The cost of love

There's a rhythmic “snip, snip” of stems inside Spring Lake Floral as designers fashion bouquets of red roses.
Marie Havenga
Feb 14, 2013

 

The scent of sweet nectar hangs like a cirrus cloud in the air.

Billie Jean Cichewicz and her husband, Bill, bought Spring Lake Floral at 209 W. Savidge St. last fall. They're pleased to see sales are coming up roses for their first Valentine's Day at the shop.

Compared to the same period last year, Cichewicz said the floral shop's receipts have blossomed by $900.

Employment has sprouted, too. Cichewicz hired another designer and three additional delivery drivers for the Valentine's Day season.

“We ordered more than 800 roses this year and I'm sure we'll go through all those,” said floral designer Karen Hippensteel. “We may have to get more.”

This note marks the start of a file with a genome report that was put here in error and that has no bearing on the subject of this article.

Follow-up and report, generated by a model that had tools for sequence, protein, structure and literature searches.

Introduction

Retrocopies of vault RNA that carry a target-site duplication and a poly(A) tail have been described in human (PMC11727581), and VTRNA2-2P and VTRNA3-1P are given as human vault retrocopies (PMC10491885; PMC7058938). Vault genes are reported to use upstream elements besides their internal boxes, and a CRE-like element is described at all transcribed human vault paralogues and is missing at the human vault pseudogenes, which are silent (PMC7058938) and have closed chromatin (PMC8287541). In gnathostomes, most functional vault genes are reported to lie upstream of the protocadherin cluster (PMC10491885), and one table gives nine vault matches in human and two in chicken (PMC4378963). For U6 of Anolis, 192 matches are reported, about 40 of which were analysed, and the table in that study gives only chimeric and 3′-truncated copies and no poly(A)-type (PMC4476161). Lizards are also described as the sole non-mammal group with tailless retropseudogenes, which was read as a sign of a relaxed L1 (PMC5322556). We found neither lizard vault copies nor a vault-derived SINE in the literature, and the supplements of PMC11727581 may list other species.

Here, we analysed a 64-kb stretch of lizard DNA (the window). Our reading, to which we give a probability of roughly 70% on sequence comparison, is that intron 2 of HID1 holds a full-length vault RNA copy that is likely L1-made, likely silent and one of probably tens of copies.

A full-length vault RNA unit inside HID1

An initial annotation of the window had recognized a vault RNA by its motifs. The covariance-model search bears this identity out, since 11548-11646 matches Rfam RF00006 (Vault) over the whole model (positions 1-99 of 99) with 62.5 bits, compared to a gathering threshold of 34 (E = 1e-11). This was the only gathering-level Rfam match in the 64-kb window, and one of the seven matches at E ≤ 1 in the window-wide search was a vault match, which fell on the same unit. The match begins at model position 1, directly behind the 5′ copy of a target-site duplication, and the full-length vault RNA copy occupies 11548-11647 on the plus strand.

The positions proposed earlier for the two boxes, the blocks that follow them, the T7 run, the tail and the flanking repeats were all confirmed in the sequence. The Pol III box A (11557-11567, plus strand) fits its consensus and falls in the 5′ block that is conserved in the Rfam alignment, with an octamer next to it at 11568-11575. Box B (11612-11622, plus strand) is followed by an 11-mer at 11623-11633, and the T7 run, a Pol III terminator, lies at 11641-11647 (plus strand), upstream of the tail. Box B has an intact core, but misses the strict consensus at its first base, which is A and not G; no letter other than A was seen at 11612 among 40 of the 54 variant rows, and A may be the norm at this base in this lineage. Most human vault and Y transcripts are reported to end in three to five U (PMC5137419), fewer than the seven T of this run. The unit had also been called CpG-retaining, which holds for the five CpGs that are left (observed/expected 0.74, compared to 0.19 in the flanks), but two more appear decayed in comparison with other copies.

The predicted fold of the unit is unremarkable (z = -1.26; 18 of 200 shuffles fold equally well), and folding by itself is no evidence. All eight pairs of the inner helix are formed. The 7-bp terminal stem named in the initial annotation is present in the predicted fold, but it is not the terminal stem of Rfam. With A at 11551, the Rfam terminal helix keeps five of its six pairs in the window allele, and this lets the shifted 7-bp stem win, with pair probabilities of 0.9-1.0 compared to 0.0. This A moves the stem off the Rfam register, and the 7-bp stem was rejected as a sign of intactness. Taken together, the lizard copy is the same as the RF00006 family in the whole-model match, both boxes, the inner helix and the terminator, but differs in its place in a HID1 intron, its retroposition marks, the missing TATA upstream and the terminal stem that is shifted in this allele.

Spring Lake Floral isn't the only business experiencing a rosy retail climate. Valentine's Day sales nationwide are up 4 percent from last year, according to the National Retail Federation.

The average American will spend $130.97 on candy, cards, flowers and gifts — compared to $126.03 last year — for a whopping total of $18.6 billion. Tack on another average $150 for a romantic dinner out and the business of Valentine's Day may literally leave some consumers in the red.

The NRF predicts $4.4 million will be spent on jewelry this year.

Derek Johnson, a salesman at Grand Haven Jewelry in downtown Grand Haven, said popular items this week include Pandora charms, charm bracelets and birthstone jewelry for women and watches for men.

The jewelry store's owner, Steve Pitcher, said diamond sales continue to sparkle.

To read more of this story, see today’s print or e-edition of the Grand Haven Tribune.
 

 

 

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